Jeremy Hunt's Budget will hurt Scottish Tories at general election

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Scottish Conservatives will pay price for Chancellor's decision on windfall tax on oil

Despite the Tories' dire poll ratings across the UK and the inability of Rishi Sunak to turn around his party's fortunes, Scottish Conservatives were optimistic of a better performance when the general election comes.  That was until last week's Budget.

Chancellor Jeremy Hunt's decision to extend the windfall tax on the profits of the oil and gas companies came as a blow to the Scottish Tories who had been pressing him not to do so. 

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Just days before the Budget, the Scottish Conservatives had held their conference in Aberdeen and its whole theme had been to underline the party's support for oil and gas, the industry which has been so crucial to the North East for so long, but which now faces decline.

Scottish Tory pleas to Chancellor Jeremy Hunt over the windfall tax on oil companies fell on deaf ears.
Picture: Dan Kitwood/Getty ImagesScottish Tory pleas to Chancellor Jeremy Hunt over the windfall tax on oil companies fell on deaf ears.
Picture: Dan Kitwood/Getty Images
Scottish Tory pleas to Chancellor Jeremy Hunt over the windfall tax on oil companies fell on deaf ears. Picture: Dan Kitwood/Getty Images | Getty Images

Scottish Tory leader Douglas Ross had personally lobbied the Chancellor over the windfall tax ahead of the Budget, but it is now clear his message fell on deaf ears.  Following the Budget, Mr Ross has spoken out strongly against the Chancellor's move and says he will vote against it in parliament.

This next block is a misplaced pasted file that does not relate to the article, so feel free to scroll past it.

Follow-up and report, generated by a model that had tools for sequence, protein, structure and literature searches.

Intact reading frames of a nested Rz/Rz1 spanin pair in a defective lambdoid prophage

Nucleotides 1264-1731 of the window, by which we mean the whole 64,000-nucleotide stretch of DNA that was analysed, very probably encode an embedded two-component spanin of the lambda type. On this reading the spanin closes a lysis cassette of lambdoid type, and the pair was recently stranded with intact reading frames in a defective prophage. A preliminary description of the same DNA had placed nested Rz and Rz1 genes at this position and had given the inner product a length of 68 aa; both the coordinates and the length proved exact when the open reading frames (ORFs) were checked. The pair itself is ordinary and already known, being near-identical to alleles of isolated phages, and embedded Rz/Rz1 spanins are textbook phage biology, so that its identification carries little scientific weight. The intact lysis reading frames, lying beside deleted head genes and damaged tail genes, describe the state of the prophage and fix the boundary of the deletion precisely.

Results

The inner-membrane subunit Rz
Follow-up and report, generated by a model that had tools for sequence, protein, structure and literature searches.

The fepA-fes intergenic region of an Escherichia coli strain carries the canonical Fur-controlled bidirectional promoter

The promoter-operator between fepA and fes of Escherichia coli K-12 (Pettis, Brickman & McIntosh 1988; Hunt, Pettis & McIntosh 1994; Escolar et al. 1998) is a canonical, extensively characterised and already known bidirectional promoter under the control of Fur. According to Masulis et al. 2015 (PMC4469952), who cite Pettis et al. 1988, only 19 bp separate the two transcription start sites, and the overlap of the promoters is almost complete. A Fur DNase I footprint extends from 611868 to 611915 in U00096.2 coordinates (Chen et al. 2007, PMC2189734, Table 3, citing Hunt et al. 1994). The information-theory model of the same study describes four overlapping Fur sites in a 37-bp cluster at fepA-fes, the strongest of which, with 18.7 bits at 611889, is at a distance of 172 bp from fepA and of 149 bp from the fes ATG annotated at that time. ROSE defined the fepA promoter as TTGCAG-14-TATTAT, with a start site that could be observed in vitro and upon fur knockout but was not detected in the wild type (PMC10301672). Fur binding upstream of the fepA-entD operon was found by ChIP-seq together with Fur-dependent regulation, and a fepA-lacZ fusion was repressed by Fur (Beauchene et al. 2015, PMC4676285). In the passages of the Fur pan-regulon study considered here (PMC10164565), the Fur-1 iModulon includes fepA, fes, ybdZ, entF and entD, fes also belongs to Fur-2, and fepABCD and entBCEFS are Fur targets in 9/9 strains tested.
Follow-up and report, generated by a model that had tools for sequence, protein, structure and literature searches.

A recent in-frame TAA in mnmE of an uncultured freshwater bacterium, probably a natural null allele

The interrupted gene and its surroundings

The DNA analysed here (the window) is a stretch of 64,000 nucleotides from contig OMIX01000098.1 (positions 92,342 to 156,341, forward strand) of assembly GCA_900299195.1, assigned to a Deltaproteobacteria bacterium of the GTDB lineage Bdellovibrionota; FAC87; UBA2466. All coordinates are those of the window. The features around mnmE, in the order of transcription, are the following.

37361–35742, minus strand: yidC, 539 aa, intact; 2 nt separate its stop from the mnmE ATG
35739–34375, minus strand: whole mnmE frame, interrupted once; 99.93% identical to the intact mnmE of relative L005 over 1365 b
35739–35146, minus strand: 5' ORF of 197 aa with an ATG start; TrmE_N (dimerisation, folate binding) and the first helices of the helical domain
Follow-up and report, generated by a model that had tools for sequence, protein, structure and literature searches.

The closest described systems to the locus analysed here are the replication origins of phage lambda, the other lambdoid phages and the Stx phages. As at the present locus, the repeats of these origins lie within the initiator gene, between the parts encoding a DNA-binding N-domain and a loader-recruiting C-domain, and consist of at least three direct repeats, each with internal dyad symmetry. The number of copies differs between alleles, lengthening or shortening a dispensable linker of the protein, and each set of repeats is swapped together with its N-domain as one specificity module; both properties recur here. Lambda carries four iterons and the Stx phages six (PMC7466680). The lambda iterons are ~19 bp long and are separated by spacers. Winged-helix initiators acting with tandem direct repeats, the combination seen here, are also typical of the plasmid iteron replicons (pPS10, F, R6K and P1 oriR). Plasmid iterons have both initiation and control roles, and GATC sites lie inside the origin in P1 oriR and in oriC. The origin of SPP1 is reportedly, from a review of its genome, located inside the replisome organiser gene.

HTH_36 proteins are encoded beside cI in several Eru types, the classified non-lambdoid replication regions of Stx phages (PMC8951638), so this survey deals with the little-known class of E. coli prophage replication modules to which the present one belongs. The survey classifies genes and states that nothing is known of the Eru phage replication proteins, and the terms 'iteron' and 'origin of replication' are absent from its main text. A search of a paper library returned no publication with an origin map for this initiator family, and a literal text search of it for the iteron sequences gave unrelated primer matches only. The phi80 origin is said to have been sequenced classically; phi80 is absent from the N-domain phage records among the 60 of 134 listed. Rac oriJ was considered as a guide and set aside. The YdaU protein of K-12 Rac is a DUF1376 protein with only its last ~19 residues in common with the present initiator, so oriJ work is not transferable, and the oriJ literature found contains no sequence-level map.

And he and other Scottish Tories have promised to continue lobbying for the decision to be reversed. But refusing to endorse the Chancellor's "betrayal" of the North East and calling in vain for U-turn is unlikely to impress anyone - the point of being in government is to make policy, not to lobby about it.     

Just a couple of weeks ago the Scottish Tories were talking confidently about their "six plus six" strategy for the election - hoping to hold onto the six seats they won last time and gain another six from a faltering SNP.

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It's 27 years since Tony Blair's 1997 Labour landslide when the Tories were wiped out in Scotland and left with no MPs.  At each of the next four general elections they only managed a single MP.  But in 2017, the party won another 12 seats, giving them 13 in all. The Tory triumphs included ousting two SNP big names, Alex Salmond and Angus Robertson, from their North East seats.

Those seats are still in Tory hands. But for how long now? The Tories believed the SNP's own poor showing in the polls gave them a reasonable chance of holding their own at the election and even building on it. But unless Mr Hunt has a change of heart it looks like the Tories in Scotland could experience the same rejection as the party is predicted to face everywhere else in the UK.

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